Located in scenic Adams County, Pennsylvania north of the historic Gettysburg battlefield, we raise MGR & IFGA registered myotonic or fainting goats. We have always preferred to work with heritage animals and heirloom plants, to do our part in preserving genetic diversity and unique history. We also have horses, and before getting goats, we realized we needed to better balance our pastures in a sustainable manner. Cross-species grazing to control the non-grasses and stop parasite life cycles sounded like the best solution. When we started researching heritage goat breeds, we were struck by how calm and easy to manage the myotonic breed is. Additionally, this landrace breed is adapted to the warm humid climate of the southeastern USA, so our Pennsylvania climate would be a good match. We got our first bred female and companion wether, and we were hooked. Fainters are like potato chips, you cannot stop at one(or two or three). Next thing you knew, we had a large herd, a business, and I was adapting my knowledge of holistic horse management to the goat herd.
Our goats are fed a natural diet of non-gmo chemical-free and/or organic grains and hay. We also use the Dynamite line of supplements. We have multiple generations of chemical and vaccine free goats, and have cleared any vaccinosis issues using homeopathy. We have a variety of colors, polled or horned, and blue or brown eyes. Average heights are 20-24" at the shoulder-some can register as mini. Our goats are perfect for the homestead, being easy to handle & contain, good mothers and naturally parasite resistant. Twin kids are the norm. Fainting goats excel at meat production. While they have a slower growth rate than some breeds, that is offset by their efficient low-input diet, natural parasite resistance and extremely high meat to bone ratio, reaching 4:1. When calculating net cost per pound, fainting goats typically beat the other pure breeds. Fainting goats excelled in the 2011 feeding trials at the Maryland Small Ruminant Center.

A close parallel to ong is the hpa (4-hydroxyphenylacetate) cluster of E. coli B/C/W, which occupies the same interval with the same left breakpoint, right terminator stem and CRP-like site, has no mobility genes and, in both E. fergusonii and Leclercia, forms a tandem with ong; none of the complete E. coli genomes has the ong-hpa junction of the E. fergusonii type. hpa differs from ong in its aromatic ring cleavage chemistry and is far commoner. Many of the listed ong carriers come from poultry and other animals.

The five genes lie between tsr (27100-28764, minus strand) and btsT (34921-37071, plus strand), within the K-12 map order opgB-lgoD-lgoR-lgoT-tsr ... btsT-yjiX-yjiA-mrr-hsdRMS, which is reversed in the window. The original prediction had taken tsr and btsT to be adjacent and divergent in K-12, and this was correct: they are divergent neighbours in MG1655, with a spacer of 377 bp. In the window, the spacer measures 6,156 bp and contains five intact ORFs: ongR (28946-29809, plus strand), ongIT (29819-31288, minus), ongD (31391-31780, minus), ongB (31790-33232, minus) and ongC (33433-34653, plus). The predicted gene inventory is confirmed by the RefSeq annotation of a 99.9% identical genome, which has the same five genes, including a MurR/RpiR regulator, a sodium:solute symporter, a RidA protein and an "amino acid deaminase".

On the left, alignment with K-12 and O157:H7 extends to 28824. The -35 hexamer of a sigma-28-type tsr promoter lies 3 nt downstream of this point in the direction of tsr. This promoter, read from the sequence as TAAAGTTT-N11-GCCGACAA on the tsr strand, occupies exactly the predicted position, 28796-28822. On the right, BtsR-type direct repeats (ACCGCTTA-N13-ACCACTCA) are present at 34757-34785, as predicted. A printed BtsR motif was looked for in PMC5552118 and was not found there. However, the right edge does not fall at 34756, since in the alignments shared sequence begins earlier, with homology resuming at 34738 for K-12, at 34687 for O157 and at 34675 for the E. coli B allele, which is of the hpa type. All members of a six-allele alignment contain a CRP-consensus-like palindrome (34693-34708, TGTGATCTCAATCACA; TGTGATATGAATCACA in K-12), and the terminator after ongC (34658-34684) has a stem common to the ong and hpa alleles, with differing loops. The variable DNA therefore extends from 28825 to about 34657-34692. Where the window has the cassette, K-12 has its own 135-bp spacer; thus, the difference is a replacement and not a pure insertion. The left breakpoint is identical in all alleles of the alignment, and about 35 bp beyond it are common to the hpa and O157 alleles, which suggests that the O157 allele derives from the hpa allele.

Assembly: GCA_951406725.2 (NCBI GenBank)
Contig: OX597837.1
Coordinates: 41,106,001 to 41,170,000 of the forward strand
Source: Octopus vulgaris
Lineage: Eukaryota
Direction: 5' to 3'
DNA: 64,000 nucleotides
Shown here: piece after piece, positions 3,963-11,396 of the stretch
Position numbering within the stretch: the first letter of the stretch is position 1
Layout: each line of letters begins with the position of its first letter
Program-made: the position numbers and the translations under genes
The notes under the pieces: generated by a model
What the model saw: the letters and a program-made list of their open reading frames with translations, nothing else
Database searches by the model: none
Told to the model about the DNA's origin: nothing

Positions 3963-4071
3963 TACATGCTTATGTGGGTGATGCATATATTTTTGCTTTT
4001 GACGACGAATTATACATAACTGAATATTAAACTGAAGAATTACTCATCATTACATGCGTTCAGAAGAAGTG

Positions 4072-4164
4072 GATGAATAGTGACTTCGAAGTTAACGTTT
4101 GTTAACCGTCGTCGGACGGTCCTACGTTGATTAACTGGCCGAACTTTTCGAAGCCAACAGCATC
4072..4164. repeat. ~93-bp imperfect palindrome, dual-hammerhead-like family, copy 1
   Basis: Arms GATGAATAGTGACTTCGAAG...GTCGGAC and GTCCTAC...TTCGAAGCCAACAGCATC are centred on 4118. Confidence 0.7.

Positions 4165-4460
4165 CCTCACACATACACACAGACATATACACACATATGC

Fainting goats can be milked. Your average fainting doe can yield 6 cups daily of rich milk that tastes much like half-and-half, while still nursing her kids. Oak Hill will be milking in 2016, and I will keep folks posted on our learning curve over at the blog. Fainting does do tend to have smaller teats than the dairy breeds, so a hand milker may make your job easier. The does are docile and easily trained, making them excellent milking partners.
At Oak Hill, we currently do not save or process any cashmere from our goats. The cashmere is fine with a somewhat short fiber that requires a tighter twist. Fainting goats do have guard hairs mixed with the cashmere, so cleaning can be tricky. The cashmere comes in a variety of colors and roughly 1/3 of the Oak Hill herd carries the cashmere gene.
Oak Hill is a sustainable "beyond organic" living evolving farm, with the focus on healthy soils and plants and co-thriving animals. We are not certified organic for philosophical reasons.